Tuesday, June 4, 2019

Corvallis Memorial Day Parade honors Korean War veteran by Kevin Maki

As always, the Corvallis Memorial Day Parade packed crowds to Main Street with people even spilling onto the highway to watch the annual event.
The parade's grand marshal was a Navy veteran who served in the Korean War from 1950 to 1954.
Ralph Keppel lives in Hamilton and was raised in Missoula.
"I'm delighted to be in this parade," he said. "It's such an honor for me. I'm very pleased to be an American."
Keppel worked in mine warfare during his service.
"Every one of us veterans did something," he said. "Every veteran on the street I say thank you buddy or lady. This is why we have a free country."
"We veterans have a great bond together," he said. "We all know people that have lost their lives in the wars and we respect every one of them."
The parade is sponsored by American Legion Post 91 and the Ladies Auxiliary.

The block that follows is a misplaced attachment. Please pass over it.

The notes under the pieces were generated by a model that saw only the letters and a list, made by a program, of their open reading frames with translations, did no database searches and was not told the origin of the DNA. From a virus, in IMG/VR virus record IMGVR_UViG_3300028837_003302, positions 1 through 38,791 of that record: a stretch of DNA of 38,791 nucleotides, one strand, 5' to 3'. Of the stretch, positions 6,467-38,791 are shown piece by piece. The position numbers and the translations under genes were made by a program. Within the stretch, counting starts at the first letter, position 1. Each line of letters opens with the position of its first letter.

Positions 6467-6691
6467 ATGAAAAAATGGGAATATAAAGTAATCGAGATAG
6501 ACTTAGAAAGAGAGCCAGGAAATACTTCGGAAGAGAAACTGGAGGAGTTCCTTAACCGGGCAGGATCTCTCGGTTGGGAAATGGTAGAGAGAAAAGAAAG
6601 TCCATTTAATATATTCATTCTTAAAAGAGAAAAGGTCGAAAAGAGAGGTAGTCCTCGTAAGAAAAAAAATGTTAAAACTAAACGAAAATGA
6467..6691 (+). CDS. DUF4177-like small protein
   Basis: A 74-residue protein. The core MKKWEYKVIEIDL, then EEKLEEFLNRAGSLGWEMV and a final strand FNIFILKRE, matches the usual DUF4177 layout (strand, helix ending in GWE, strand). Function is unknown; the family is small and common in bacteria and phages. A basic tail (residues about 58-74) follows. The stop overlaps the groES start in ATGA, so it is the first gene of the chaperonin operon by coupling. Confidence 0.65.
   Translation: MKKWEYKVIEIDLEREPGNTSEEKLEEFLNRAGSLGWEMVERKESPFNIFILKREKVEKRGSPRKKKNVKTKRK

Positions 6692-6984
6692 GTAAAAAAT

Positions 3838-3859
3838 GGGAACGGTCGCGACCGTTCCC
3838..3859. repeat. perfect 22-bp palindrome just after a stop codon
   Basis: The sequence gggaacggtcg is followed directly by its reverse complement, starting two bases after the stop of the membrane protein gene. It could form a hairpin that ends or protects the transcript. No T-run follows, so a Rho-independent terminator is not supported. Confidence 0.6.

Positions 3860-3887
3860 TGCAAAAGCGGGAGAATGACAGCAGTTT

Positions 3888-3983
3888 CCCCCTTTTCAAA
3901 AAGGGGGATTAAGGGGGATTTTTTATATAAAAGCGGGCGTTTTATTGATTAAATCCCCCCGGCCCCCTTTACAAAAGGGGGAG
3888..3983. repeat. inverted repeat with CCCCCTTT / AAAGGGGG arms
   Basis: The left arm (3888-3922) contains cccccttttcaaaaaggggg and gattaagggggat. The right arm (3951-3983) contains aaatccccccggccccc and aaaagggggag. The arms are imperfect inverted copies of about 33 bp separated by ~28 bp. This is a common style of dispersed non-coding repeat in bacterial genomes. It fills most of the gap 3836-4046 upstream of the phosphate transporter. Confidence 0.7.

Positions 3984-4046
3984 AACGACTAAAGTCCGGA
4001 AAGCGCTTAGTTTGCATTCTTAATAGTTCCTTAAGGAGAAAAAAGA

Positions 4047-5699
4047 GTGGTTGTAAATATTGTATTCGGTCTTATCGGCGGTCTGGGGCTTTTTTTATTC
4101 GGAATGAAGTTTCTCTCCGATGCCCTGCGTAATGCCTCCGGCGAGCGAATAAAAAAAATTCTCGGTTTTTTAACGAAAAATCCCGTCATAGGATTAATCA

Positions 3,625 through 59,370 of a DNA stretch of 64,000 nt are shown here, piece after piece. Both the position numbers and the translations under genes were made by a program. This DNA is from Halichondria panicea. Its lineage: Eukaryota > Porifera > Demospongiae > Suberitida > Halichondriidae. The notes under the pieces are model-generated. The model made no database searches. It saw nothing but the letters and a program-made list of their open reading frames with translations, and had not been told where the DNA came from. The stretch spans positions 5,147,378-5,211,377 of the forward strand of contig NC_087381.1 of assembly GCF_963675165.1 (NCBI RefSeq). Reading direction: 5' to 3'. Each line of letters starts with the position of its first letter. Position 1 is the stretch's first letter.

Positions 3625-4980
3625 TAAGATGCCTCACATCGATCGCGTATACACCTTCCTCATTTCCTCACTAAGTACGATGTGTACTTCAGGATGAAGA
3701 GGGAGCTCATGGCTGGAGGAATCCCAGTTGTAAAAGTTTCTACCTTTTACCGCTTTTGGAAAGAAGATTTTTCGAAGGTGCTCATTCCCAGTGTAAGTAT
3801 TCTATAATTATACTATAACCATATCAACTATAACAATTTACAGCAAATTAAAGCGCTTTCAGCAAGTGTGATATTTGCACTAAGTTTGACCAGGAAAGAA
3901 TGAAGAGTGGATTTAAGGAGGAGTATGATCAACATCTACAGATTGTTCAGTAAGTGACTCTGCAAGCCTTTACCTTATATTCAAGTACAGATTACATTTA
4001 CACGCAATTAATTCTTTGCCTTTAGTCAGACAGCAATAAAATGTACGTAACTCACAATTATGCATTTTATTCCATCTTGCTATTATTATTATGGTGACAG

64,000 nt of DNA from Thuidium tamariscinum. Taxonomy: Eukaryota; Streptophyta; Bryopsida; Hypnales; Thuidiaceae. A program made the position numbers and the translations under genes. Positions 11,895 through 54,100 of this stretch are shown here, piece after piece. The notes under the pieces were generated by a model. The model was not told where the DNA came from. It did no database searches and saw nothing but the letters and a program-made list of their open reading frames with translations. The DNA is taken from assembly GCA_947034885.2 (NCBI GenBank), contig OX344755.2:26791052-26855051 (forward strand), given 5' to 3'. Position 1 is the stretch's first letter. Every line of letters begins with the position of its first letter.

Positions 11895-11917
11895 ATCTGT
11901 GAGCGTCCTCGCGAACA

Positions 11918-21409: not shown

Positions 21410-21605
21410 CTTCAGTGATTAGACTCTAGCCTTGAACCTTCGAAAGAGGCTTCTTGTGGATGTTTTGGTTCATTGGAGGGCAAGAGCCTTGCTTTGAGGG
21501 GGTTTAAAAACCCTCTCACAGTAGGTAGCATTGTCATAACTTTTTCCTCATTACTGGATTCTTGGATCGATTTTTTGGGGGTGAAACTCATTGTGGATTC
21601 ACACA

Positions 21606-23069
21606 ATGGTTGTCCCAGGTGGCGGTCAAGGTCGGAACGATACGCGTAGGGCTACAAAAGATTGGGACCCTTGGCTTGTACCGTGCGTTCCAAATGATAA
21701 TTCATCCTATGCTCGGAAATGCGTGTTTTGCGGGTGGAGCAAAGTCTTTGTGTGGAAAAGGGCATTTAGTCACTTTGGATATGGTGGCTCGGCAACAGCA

The parade is celebrating its 99th year in Corvallis, and this year veterans are honoring the American Legion on its 100th birthday.
It's often called "The Biggest Little Parade." But it's not very little.
It attracts people from all over the Bitterroot, with many visitors from other parts of the region and around the country.
There's something for everybody to watch, from veterans groups and school bands to tractors and horses and motorcycle riders.
It brings out a great many families, and kids on this cool, clear morning were especially attentive to the colorful entries and the candy that was distributed.